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Blood. 2005 Feb 15;105(4):1614-21. Epub 2004 Oct 26.

Generation of migratory antigen-specific plasma blasts and mobilization of resident plasma cells in a secondary immune response.

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Department of Medicine, Charité, Humbold University, D-10117 Berlin, Germany.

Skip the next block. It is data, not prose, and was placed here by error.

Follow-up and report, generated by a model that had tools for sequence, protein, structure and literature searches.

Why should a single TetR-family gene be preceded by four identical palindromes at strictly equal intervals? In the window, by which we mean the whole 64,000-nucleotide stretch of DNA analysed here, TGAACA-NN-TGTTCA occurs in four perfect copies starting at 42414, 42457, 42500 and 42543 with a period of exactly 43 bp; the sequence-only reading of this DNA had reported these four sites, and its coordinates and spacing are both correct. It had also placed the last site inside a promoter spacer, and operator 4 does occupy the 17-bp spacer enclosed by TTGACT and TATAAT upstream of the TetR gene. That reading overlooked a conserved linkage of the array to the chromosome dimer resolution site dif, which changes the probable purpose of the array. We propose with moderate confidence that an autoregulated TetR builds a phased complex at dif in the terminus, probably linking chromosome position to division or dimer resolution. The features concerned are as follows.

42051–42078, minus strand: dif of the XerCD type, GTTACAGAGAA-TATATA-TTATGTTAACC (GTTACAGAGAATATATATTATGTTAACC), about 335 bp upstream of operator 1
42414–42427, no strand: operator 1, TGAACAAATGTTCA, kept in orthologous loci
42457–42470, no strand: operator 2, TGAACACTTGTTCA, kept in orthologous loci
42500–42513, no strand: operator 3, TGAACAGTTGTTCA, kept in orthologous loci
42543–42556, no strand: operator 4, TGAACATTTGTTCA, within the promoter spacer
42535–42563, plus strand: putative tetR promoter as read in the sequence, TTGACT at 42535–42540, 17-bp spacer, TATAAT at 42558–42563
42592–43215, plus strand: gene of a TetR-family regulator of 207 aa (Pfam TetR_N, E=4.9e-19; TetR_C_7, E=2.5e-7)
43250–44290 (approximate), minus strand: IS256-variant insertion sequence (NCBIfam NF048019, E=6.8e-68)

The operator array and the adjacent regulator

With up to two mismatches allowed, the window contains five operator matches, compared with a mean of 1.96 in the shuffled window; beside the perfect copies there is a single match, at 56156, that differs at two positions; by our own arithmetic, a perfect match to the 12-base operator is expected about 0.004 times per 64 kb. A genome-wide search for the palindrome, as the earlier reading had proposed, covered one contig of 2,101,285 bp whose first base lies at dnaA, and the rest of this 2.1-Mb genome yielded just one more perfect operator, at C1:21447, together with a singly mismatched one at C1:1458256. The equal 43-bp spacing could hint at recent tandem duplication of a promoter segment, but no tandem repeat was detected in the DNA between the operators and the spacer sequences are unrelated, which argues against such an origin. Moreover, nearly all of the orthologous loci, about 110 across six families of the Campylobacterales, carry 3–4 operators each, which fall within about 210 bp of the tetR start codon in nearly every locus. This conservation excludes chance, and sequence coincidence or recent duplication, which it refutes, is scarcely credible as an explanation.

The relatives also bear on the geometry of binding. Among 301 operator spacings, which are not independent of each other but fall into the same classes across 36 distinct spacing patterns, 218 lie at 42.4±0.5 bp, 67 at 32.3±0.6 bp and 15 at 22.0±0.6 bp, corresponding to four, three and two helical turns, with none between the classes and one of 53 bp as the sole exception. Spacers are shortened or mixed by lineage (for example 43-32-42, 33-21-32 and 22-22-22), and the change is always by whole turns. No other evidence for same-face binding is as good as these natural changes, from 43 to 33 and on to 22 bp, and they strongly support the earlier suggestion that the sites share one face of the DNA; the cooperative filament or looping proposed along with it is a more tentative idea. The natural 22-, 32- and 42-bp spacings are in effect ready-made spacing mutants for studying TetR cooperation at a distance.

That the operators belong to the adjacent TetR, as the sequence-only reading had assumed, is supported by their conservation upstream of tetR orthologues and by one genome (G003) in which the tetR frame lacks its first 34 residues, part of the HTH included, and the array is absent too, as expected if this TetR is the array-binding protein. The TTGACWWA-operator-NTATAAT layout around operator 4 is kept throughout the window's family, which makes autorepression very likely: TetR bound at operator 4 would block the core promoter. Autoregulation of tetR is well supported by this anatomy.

Maintenance of protective humoral immunity depends on the generation and survival of antibody-secreting cells. The bone marrow provides niches for long-term survival of plasma cells generated in the course of systemic immune responses in secondary lymphoid organs. Here, we have analyzed migratory human plasma blasts and plasma cells after secondary vaccination with tetanus toxin. On days 6 and 7 after immunization, CD19(+)/CD27(high)/intracellular immunoglobulin G(high) (IgG(high))/HLA-DR(high)/CD38(high)/CD20(-)/CD95(+) tetanus toxin-specific antibody-secreting plasma blasts were released in large numbers from the secondary lymphoid organs into the blood. These cells show chemotactic responsiveness toward ligands for CXCR3 and CXCR4, probably guiding them to the bone marrow or inflamed tissue. At the same time, a population of CD19(+)/CD27(high)/intracellular IgG(high)/HLA-DR(low)/CD38(+)/CD20(-)/CD95(+) cells appeared in the blood in large numbers. These cells, with the phenotype of long-lived plasma cells, secreted antibodies of unknown specificity, not tetanus toxoid. The appearance of these plasma cells in the blood indicates successful competition for survival niches in the bone marrow between newly generated plasma blasts and resident plasma cells as a fundamental mechanism for the establishment of humoral memory and its plasticity.

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